Image Credit: Luis Vazquez

Back in the early ‘70s, the world was engulfed in a Cold War. On the one hand was the US, an advocate of democracy. The other side had two equally formidable forces — the Soviet Union, vanguard of socialism, and China, the kingdom of the principles of Maoism. Those were tense times as each side had the capacity to wipe out the other.

Considerable thaw in the relations between the US and China took place in April 1971, when a team of nine American ping pong players stepped on Chinese soil for the first time in decades, playing against Chinese opponents and visiting historical places of interests as guests of their Chinese hosts. It was the legendary Mao Zedong, the founder of the People’s Republic of China, along with his premier, Zhou En Lai, who approved the invitation to its staunch foes, the Americans.

That sports interchange subsequently resulted in the first-ever visit by a US President to present day China. In 1972, President Richard Nixon’s visit to China was the first step taken that eventually led to normalisation of ties between the two superpowers. During his week-long visit, Nixon was busily engaging in dialogue with party leaders, including Chairman Mao, and was treated with deference and respect everywhere he went. He later termed the significance of the visit as “the week that changed the world”. It is an acute observation by one who understood that cooperation would be more fruitful than continued confrontation as there would be no winners in a hostile scenario.

Relations, once wary and cold, suddenly warmed up as people from both sides began to visit each other. Economic relations boomed as US multinationals signed up joint ventures with their Chinese partners. Indeed, the epoch of the Cold War with the Chinese had slowly dissipated.

Now flash forward some 40 years on to two other nuclear giants — Pakistan and India. Relations between these two countries have ebbed and flowed since their independence and the subsequent wars. Matters took a sinister path when a group of terrorists originating from Pakistan ventured into Mumbai in 2008, creating mayhem and gunning down innocent people. Some 166 people lost their lives in the frenzy of bloodletting that only served to further the discord between these two nations.

One of the first casualties of this heinous incident was the snapping of all cricketing ties between the two countries. For a laymen to understand, the game of cricket is seen as a religion and not a sport in these two countries. And no event transfixes both nations to a standstill more than a confrontation on the playing field between the teams representing the two countries. Passions run high and battle lines are drawn as players take to the field. And with the freeze in relations and the absence of such competition, many felt the game was the ultimate loser.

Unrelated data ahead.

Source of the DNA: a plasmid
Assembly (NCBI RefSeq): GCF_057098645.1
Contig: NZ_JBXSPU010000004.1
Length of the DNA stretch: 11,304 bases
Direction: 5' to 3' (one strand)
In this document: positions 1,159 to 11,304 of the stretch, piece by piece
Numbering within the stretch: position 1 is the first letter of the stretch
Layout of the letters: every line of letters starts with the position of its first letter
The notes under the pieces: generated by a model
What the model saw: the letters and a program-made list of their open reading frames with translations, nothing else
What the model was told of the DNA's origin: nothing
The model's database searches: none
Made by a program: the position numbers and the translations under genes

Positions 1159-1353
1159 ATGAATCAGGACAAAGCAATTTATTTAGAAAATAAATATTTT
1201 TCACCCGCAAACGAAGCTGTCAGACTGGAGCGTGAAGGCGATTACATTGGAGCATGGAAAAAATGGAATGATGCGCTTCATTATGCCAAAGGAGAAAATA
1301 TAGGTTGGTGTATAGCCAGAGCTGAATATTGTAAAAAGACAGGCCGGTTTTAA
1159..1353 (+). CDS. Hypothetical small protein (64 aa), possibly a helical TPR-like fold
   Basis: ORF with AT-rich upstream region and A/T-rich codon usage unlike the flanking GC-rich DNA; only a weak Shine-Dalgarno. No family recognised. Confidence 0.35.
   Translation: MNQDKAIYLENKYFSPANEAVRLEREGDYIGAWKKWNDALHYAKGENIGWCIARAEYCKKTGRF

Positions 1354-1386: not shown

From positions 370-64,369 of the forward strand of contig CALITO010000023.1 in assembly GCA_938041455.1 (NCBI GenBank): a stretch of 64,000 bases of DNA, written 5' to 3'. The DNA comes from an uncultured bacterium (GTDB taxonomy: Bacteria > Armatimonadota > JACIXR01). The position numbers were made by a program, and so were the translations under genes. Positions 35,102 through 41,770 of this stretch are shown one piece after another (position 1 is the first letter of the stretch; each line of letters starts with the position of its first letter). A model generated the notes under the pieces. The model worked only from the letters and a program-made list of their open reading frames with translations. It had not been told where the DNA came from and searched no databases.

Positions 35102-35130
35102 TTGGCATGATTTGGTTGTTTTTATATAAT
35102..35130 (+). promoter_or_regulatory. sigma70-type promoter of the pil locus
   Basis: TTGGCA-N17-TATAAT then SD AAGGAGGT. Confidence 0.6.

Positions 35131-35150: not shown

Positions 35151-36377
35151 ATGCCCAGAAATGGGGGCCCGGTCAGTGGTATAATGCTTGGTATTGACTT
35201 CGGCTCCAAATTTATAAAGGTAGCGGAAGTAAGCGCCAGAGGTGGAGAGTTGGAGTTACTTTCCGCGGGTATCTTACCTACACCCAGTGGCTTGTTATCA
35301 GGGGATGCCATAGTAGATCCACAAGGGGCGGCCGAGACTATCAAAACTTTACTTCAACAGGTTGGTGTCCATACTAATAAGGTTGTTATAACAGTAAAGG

Following behind-the-scenes negotiations between sporting boards of both nations, an agreement was reached in July this year that would permit the Pakistani cricket team to visit and play India in a series of matches in the coming months. The decision brought relief to millions of fans from both sides, who wanted to see fair competition on the playing field. The Indian Home Minister, Sushil Shinde, in explaining the decision said: “We must have friendly relations. What once happened in the past should not mean that all the time we should repeat it. We must maintain sportsmanship and a sport like cricket is certainly welcome. It should be free from politics. Whether it is sports or cultural affairs or whether it is singing or dancing, all these activities should be restricted to those activities only.”

Pakistan’s former cricket captain and current prominent politician, Imran Khan, declared: “I welcome India’s decision to revive cricket with Pakistan. Anything which can bring both the countries to negotiations and normalcy is very good and we must appreciate that.”

And yet, there are those who do not want the spirit of normality to foster. The extremist Indian right-wing group of Shiv Sena, who have often used terror against minorities and Muslims, immediately denounced the agreement. Their chief, Balasaheb Thackeray, who recently passed away, admonished the government by questioning: “How can we so easily forget the bloodbath that happened in CST [Chhatrapati Shivaji Terminus, Mumbai’s principal railway station] because of Pakistani terrorists? How can we forget the wounds that Pakistan has given us?” He then exhorted his followers to use all possible means to prevent the event from taking place.

Former India captain Sunil Gavaskar was another one who criticised his country’s decision to revive the Indo-Pak bilateral cricket ties. But as one former Indian cricketer retorted: “It is surprising to hear his views about ties with Pakistan. I would have thought that a cricketer of his standing would know better than to mix cricket with politics. Besides, Gavaskar will be the first to sign that commentator’s contract for a good sum of money and discard his political position.”

It is now time for these two nations to learn from the distant past and move forward towards normalisation of relations. And what better way to do it than on the cricket field?

Tariq A. Al Maeena is a Saudi socio-political commentator. He lives in Jeddah, Saudi Arabia.